A poor indoor climate in buildings can lead to a diverse range of complaints among users. For instance, eye, nose and throat irritation, headache, fatigue, odour nuisance and increased sensitivity to certain substances.
Over the last 20 years the government building regulations have been dramatically tightened in the area of indoor climate. For new build projects, this has resulted in strict standards relating to insulation. Particularly due to this improved insulation, the natural ventilation of buildings is often no longer sufficient to supply adequate fresh air in living areas within buildings. Mechanical ventilation has become essential.
For more than 25 years, Ned Air has been delivering suitable ventilation systems and air treatment equipment for the construction sector, with and without heat recovery.
Air treatment with mechanical ventilation
In air treatment systems with mechanical ventilation, the air flow can be controlled via a supply or extraction fan with adjustable speed, where the speed is adjusted via a sensor. The most common sensors are those which measure the CO2 concentration or the relative humidity (RH), compare the levels with a set value and then ventilate the room accordingly.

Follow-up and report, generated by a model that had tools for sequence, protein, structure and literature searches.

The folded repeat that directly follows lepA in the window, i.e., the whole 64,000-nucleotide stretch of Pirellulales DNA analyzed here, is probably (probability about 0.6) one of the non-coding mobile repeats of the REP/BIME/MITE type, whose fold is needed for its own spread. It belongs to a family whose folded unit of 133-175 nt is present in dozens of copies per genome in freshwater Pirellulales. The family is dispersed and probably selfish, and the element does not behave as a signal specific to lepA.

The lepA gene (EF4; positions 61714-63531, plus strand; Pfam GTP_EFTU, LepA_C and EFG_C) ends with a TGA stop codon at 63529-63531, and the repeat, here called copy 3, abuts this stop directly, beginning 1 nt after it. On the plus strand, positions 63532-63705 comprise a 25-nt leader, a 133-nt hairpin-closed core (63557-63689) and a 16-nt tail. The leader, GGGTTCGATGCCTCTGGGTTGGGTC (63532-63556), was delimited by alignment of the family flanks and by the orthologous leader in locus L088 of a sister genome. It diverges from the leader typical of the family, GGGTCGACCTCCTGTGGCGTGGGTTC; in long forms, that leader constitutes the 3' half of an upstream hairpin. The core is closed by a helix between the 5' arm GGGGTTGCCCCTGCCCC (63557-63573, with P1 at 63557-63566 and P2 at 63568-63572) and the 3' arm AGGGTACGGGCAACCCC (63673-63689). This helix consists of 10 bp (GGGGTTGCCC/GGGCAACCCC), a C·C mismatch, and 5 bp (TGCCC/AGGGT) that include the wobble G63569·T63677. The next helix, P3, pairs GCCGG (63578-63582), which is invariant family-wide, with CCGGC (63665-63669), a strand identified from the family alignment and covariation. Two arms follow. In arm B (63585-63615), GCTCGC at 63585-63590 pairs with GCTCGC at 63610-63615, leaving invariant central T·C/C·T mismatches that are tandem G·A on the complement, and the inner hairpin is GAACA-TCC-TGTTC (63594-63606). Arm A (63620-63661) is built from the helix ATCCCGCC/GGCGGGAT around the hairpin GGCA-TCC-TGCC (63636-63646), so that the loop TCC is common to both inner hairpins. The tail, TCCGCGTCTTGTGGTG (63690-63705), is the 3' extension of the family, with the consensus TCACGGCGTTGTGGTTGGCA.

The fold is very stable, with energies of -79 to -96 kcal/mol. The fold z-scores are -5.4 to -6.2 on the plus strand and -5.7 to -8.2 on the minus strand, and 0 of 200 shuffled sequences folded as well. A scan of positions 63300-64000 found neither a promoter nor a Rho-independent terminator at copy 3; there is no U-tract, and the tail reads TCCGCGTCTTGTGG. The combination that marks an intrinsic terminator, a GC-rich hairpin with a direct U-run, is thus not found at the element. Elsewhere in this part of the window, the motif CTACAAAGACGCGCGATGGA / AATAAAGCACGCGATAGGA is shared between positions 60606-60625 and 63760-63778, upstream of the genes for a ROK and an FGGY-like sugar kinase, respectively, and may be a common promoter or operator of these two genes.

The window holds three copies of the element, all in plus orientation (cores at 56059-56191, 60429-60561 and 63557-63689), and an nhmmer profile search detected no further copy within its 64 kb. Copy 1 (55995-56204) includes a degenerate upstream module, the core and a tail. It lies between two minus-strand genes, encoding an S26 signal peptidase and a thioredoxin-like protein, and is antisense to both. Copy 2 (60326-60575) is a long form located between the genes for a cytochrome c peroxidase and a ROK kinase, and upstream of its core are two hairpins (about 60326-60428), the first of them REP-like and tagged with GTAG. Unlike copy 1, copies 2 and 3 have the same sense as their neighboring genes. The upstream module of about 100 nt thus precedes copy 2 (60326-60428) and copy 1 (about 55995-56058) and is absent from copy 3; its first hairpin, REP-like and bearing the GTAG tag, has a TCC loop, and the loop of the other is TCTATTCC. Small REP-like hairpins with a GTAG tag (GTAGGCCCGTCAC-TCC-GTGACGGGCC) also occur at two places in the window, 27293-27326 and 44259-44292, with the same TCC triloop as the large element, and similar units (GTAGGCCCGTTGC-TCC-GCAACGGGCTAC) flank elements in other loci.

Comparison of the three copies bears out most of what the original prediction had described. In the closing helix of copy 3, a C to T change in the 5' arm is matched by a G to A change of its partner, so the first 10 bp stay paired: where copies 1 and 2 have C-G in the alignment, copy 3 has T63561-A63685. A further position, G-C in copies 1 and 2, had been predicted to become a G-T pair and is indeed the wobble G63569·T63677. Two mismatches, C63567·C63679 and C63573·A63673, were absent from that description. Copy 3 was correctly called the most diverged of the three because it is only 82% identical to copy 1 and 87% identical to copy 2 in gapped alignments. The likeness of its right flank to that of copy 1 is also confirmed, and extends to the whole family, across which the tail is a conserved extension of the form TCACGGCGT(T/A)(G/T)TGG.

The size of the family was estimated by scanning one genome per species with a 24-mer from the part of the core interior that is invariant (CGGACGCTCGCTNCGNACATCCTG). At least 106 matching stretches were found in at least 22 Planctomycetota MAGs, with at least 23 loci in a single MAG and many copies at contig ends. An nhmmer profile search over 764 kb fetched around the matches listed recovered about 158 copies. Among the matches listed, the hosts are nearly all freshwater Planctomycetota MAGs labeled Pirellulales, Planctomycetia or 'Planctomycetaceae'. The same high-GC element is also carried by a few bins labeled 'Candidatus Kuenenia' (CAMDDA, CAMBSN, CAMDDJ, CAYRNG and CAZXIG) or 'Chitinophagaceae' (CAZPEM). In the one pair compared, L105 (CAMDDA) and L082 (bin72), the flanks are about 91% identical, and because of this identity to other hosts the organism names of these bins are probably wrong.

Balanced ventilation with heat recovery
With ventilation, the extracted air is often warmer than the supply air, which leads to heat loss. If the extracted and supply air cross, a heat exchanger can be placed between the two air streams. The heat of the extracted air is then transferred to the inflowing, colder air. These heat exchangers achieve an efficiency above 90%,which limits heat loss.
A ventilation system with balanced ventilation is based on the creation of a balance between extraction and supply of air in the building. The stale and moist air is extracted from the building. The same amount of clean air is heated via a heat exchanger and blown into the building. The same amount of air goes in as goes out. The fresh outside air is also filtered.
Comfortable indoor climate
The climate of a room, and the degree to which users judge it to be comfortable, is particularly influenced by two factors: Firstly, the temperature, and secondly, the freshness of the air. The temperature factor concerns the temperature of the room, but things like draughts or incoming sunlight can also play a role. With air freshness, unpleasant odours are often a factor, as well as the concentration of CO2 in the air. The greater the CO2 level, the lesser the air quality.
A Ned Air ventilation system makes the indoor climate easier to control and can reduce health-related complaints among users of the building. Contact one of our advisors with no obligation, to discuss your personal indoor climate solution.